It’s funny how time erodes everything down to its core. If the core is good, it’ll survive. If the core sucks, it’s history, or grist for a remake or “reboot”. Nothing lasts. The shelf life of a movie these days is about 10 years, which is roughly the time it takes for the next generation of snot-nosed kids to age into ticket-buying, at which point anything that predates their own existence is considered lame until they turn about 35, when suddenly some of them will discover otherwise. And since Hollywood ran out of new ideas the day Star Wars was released, the only thing that matters now is whether they can convince you to pay $10 for the ticket. A movie you’ve seen fifteen times, own on DVD, or consider a lame relic from your parents’ day? Probably not gonna happen. A remake starring Angie Jolie’s tits and a soundtrack by Trent Reznor? Giddy-up.
Science-Fiction movies are all the rage on the ‘reboot” merry-go-round these days, possibly because for decades Sci-Fi movies were treated like something Hollywood stepped in and couldn’t scrape off its shoe, leaving us with dozens and dozens of movies with great ideas and terrible low-budget excuses for sets and costumes. These kinds of films are easy enough to remake, and there’s added value in it for people, too, because they get to see the story done “properly”, with effects and A-list actors and all that. Add to that the possibility of drawing in older fans who don’t go to movies much but who might recall the originals with nostalgia, and it’s a workable formula. Workable because the collective memory of the movie-going public wipes itself every 10 years.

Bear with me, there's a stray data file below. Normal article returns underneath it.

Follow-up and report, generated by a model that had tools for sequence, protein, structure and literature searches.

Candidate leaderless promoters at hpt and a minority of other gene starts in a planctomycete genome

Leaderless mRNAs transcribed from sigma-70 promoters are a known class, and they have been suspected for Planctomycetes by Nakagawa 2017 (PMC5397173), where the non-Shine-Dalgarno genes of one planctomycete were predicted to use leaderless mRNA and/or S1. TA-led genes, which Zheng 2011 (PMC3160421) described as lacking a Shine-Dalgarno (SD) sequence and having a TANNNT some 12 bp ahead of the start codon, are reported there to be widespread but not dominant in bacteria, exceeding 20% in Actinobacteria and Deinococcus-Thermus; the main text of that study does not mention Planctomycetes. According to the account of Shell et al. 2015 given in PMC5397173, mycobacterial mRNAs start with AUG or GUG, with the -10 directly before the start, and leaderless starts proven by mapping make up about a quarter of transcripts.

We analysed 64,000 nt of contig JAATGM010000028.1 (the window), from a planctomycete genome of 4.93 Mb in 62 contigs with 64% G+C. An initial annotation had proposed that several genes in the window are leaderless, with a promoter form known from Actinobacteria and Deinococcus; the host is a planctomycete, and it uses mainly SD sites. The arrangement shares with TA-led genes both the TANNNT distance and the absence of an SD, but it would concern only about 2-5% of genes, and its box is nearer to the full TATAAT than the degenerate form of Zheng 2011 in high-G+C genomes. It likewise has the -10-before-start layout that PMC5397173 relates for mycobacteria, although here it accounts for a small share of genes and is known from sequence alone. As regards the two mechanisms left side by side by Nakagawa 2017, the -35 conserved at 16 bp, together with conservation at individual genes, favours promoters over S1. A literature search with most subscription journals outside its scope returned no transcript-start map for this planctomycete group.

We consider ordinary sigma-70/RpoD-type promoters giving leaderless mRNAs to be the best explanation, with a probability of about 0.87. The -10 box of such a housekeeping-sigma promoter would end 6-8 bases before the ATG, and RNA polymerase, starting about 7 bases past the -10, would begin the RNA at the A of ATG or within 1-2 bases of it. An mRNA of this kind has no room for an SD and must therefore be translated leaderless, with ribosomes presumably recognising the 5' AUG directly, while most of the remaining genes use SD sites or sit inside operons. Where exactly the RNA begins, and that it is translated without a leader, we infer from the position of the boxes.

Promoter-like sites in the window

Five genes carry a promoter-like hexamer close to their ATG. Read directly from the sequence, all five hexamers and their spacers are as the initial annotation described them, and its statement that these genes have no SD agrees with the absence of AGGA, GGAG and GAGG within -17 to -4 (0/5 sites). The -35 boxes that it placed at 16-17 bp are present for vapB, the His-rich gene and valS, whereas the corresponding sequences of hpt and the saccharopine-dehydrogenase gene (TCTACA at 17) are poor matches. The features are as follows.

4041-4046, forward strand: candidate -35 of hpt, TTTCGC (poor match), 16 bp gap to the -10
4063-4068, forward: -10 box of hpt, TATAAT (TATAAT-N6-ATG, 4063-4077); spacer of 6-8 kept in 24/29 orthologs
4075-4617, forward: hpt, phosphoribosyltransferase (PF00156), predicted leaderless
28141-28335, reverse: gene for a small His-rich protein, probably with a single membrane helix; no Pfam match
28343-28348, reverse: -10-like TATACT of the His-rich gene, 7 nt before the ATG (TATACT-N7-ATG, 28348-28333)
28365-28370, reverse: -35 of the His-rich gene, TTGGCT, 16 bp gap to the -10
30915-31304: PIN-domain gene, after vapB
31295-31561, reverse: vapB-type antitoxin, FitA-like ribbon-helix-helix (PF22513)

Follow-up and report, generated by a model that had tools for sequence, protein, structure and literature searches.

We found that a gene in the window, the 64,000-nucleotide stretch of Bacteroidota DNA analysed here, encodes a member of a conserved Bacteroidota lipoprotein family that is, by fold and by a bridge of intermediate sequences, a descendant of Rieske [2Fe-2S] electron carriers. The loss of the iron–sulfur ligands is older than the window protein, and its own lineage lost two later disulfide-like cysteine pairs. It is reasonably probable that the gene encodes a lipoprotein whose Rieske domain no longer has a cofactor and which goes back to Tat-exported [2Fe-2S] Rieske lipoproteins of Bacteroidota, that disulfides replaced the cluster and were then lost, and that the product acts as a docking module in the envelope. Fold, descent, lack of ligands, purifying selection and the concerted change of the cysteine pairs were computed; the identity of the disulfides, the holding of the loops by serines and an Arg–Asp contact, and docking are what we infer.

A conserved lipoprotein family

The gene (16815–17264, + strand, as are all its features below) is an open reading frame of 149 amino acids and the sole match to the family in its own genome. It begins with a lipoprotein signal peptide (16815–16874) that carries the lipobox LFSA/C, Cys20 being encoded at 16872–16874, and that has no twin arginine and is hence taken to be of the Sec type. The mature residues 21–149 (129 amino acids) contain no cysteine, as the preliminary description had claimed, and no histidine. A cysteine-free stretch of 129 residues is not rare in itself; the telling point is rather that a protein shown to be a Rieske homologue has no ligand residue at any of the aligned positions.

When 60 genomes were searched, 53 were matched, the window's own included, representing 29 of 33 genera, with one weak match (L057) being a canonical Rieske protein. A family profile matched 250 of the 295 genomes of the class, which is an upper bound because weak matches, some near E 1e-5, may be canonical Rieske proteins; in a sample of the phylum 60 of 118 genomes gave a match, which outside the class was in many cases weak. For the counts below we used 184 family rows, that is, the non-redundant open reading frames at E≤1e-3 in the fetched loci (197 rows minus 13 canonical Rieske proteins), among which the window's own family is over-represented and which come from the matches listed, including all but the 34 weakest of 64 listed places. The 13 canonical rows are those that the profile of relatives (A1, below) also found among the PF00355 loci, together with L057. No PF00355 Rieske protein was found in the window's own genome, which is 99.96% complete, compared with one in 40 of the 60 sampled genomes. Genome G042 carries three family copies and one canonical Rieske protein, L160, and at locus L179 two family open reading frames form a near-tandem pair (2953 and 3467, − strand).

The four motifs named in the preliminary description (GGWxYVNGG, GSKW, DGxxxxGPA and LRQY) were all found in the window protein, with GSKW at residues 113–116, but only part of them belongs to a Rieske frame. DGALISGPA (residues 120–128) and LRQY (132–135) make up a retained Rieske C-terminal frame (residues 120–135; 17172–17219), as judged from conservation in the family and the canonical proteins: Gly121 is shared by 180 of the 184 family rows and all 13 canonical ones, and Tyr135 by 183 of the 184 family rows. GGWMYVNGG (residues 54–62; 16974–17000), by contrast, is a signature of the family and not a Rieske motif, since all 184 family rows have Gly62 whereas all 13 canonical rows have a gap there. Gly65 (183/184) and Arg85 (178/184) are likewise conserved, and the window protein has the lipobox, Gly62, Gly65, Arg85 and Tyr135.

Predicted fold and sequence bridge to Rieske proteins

As a result, whatever movie you just saw that rocked your world, forget it. You will. Eventually it will be remade with younger, fresher actors who have just been born and a revamped script, more recent pop-culture references and era-appropriate technological devices as props. You’ll be sucked into attending a screening because of a relentless marketing campaign that reminds you of how great you think the original was, as your memories are vague, and before you know it the only version of Casablanca you can remember is the 2017 version starring Macaulay Culkin in his big comeback. Because it is the doom of men that they forget.
Of course, what happens to a culture when it stops creating new material and just rehashes existing plots, characters, and tropes? What happens when we stop creating Star Trek, The Original Series and settle for Star Trek by That Guy Who Created Lost? Which was a fine movie, I think – though ask me again in 20 years. One could argue that we’ve all been remaking the same plots for thousands of years anyway, with the same basic characters, and all that’s ever changed are the names, the props, and the settings, and possibly some of the mechanics as technology and culture change. In one sense, sure—everything’s either a story about murder, theft, unrequited love, requited love, war, god, or zombies. Mostly zombies.
I think the safety net here is the tendency for folks to create their own counter-programming. Big Entertainment has to keep churning out the goods to keep fannies in the seats, but there will always be a disaffected group of folks who can’t swallow it and who therefore create their own media to entertain themselves. And thank god for them, because they’re laying the foundation for the future reboots of the world. Damn kids.